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Table of contents
THE CONQUEST OF THE VENEREAL DISEASES-8.1
THE CONQUEST OF THE VENEREAL DISEASES-8.2
THE CONQUEST OF THE VENEREAL DISEASES-8.3
THE CONQUEST OF THE VENEREAL DISEASES-8.4
THE CONQUEST OF THE VENEREAL DISEASES-8.5
THE CONQUEST OF THE VENEREAL DISEASES-8.6
FOOTNOTES
SEXUAL MORALITY-9.1
SEXUAL MORALITY-9.2
SEXUAL MORALITY-9.3
SEXUAL MORALITY-9.4
SEXUAL MORALITY-9.5
SEXUAL MORALITY-9.6
SEXUAL MORALITY-9.7
SEXUAL MORALITY-9.8
SEXUAL MORALITY-9.9
MARRIAGE-10.1
MARRIAGE-10.2
MARRIAGE-10.3
MARRIAGE-10.4
MARRIAGE-10.5
MARRIAGE-10.6
MARRIAGE-10.7
MARRIAGE-10.8
MARRIAGE-10.9
MARRIAGE-10.10
MARRIAGE-10.11
MARRIAGE-10.12
FOOTNOTES
THE ART OF LOVE-11.1
THE ART OF LOVE-11.2
THE ART OF LOVE-11.3
THE ART OF LOVE-11.4
THE ART OF LOVE-11.5
THE ART OF LOVE-11.6
THE ART OF LOVE-11.7
THE ART OF LOVE-11.8
THE ART OF LOVE-11.9
THE ART OF LOVE-11.10
THE ART OF LOVE-11.11
FOOTNOTES
THE SCIENCE OF PROCREATION-12.1
THE SCIENCE OF PROCREATION-12.2
THE SCIENCE OF PROCREATION-12.3
THE SCIENCE OF PROCREATION-12.4
THE SCIENCE OF PROCREATION-12.5
THE SCIENCE OF PROCREATION-12.6
THE SCIENCE OF PROCREATION-12.7
THE SCIENCE OF PROCREATION-12.8
THE SCIENCE OF PROCREATION-12.9
FOOTNOTES
INDEX OF AUTHORS

very specially in chronic alcoholics.[415] It is worthy of note that the 

supreme artists and masters of the human heart who have most consummately 

represented the tragedy of jealousy clearly recognized that it is either 

atavistic or pathological; Shakespeare made his Othello a barbarian, and 

Tolstoy made the Pozdnischeff of his _Kreutzer Sonata_ a lunatic. It is an 

anti-social emotion, though it has been maintained by some that it has 

been the cause of chastity and fidelity. Gesell, for instance, while 

admitting its anti-social character and accumulating quotations in 

evidence of the torture and disaster it occasions, seems to think that it 

still ought to be encouraged in order to foster sexual virtues. Very 

decided opinions have been expressed in the opposite sense. Jealousy, like 

other shadows, says Ellen Key, belongs only to the dawn and the setting of 

love, and a man should feel that it is a miracle, and not his right, if 

the sun stands still at the zenith.[416] 

 

Even therefore if jealousy has been a beneficial influence at the 

beginning of civilization, as well as among animals,--as may probably be 

admitted, though on the whole it seems rather to be the by-product of a 

beneficial influence than such an influence itself,--it is still by no 

means clear that it therefore becomes a desirable emotion in more advanced 

stages of civilization. There are many primitive emotions, like anger and 

fear, which we do not think it desirable to encourage in complex civilized 

societies but rather seek to restrain and control, and even if we are 

inclined to attribute an original value to jealousy, it seems to be among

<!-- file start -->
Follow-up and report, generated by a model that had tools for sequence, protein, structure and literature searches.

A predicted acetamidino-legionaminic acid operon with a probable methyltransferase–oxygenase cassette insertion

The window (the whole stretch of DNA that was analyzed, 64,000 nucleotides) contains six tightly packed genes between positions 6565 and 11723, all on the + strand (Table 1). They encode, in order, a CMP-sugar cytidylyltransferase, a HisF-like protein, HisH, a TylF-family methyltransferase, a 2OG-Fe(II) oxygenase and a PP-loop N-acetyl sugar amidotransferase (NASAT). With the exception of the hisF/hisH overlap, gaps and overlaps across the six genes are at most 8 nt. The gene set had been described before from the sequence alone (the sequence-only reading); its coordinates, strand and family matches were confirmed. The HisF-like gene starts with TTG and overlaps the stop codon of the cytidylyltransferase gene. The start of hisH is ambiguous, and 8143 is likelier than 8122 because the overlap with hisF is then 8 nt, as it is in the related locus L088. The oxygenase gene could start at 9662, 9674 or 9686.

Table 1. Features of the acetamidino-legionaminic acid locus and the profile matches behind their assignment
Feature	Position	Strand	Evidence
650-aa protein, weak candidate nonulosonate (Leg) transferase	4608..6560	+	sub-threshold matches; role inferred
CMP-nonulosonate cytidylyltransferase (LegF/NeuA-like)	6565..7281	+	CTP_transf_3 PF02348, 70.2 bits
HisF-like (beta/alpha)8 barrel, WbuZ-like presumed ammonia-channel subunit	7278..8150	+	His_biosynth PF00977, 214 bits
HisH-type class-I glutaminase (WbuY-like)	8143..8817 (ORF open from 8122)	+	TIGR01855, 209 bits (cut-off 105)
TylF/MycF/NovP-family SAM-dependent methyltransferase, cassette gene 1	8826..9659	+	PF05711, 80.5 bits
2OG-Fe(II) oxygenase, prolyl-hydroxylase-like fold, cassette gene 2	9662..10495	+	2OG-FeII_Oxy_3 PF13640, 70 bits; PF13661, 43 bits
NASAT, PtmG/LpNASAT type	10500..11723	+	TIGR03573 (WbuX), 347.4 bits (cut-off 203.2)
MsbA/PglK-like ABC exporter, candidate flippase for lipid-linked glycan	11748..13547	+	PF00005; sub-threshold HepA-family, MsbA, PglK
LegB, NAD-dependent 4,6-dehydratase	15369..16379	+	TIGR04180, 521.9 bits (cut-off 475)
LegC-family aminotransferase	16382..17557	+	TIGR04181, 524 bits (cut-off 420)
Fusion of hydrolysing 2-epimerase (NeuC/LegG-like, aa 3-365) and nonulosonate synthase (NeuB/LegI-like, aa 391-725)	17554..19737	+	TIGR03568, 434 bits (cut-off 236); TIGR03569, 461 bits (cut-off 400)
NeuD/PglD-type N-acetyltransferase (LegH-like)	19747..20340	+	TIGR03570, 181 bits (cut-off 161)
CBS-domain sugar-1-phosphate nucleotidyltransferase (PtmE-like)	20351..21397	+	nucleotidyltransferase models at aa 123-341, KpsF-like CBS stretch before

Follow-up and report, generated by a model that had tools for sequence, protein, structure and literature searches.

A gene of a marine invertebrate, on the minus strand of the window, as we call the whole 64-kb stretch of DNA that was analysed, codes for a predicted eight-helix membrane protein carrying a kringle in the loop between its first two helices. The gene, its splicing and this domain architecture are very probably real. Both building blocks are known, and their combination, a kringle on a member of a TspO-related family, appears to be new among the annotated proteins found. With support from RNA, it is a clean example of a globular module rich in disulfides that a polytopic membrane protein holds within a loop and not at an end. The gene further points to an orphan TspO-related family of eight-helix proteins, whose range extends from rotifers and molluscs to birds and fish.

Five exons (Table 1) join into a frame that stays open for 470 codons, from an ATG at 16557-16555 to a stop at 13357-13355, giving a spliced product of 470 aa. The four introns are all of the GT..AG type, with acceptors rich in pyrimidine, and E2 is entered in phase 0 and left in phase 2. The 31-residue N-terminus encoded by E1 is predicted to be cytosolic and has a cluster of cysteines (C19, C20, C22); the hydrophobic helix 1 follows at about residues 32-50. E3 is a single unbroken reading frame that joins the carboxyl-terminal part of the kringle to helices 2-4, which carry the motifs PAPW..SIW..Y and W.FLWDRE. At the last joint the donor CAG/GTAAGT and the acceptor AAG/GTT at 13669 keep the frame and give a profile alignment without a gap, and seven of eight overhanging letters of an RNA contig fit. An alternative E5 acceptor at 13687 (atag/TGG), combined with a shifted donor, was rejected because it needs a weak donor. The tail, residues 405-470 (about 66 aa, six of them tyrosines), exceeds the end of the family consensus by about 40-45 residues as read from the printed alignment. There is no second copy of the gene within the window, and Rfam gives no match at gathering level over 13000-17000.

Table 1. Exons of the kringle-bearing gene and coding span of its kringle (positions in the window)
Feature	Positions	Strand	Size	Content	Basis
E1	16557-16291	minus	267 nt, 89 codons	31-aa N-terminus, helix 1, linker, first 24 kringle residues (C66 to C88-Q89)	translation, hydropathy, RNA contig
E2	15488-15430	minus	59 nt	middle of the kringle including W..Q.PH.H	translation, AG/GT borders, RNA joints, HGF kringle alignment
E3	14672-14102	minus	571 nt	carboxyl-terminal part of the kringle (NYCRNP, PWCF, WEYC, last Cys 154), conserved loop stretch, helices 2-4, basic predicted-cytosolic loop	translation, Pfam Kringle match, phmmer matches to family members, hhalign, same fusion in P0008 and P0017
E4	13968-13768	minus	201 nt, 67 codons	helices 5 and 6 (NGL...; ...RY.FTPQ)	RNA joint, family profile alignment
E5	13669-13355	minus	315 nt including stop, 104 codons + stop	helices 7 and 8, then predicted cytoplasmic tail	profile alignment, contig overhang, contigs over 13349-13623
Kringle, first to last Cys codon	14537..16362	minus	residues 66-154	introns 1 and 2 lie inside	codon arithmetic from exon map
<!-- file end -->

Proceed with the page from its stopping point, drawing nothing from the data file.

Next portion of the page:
these emotions that it ought to be placed. 

 

Miss Clapperton, in discussing this problem (_Scientific 

Meliorism_, pp. 129-137), follows Darwin (_Descent of Man_, Part 

I, Ch. IV) in thinking that jealousy led to "the inculcation of 

female virtue," but she adds that it has also been a cause of 

woman's subjection, and now needs to be eliminated. "To rid 

ourselves as rapidly as may be of jealousy is essential; 

otherwise the great movement in favor of equality of sex will 

necessarily meet with checks and grave obstruction." 

 

Ribot (_La Logique des Sentiments_, pp. 75 et seq.; _Essai sur 

les Passions_, pp. 91, 175), while stating that subjectively the 

estimate of jealousy must differ in accordance with the ideal of 

life held, considers that objectively we must incline to an 

unfavorable estimate "Even a brief passion is a rupture in the 

normal life; it is an abnormal, if not a pathological state, an 

excrescence, a parasitism." 

 

Forel (_Die Sexuelle Frage_, Ch. V) speaks very strongly in the 

same sense, and considers that it is necessary to eliminate 

jealousy by non-procreation of the jealous. Jealousy is, he 

declares, "the worst and unfortunately the most deeply-rooted of 

the 'irradiations,' or, better, the 'contrast-reactions,' of 

sexual love inherited from our animal ancestors. An old German 

saying, 'Eifersucht ist eine Leidenschaft die mit Eifer sucht was 

Leider schafft,' says by no means too much.... Jealousy is a 

heritage of animality and barbarism; I would recall this to those 

who, under the name of 'injured honor,' attempt to justify it and 

place it on a high pedestal. An unfaithful husband is ten times 

more to be wished for a woman than a jealous husband.... We often 

hear of 'justifiable jealousy.' I believe, however, that there is 

no justifiable jealousy; it is always atavistic or else 

pathological; at the best it is nothing more than a brutal 


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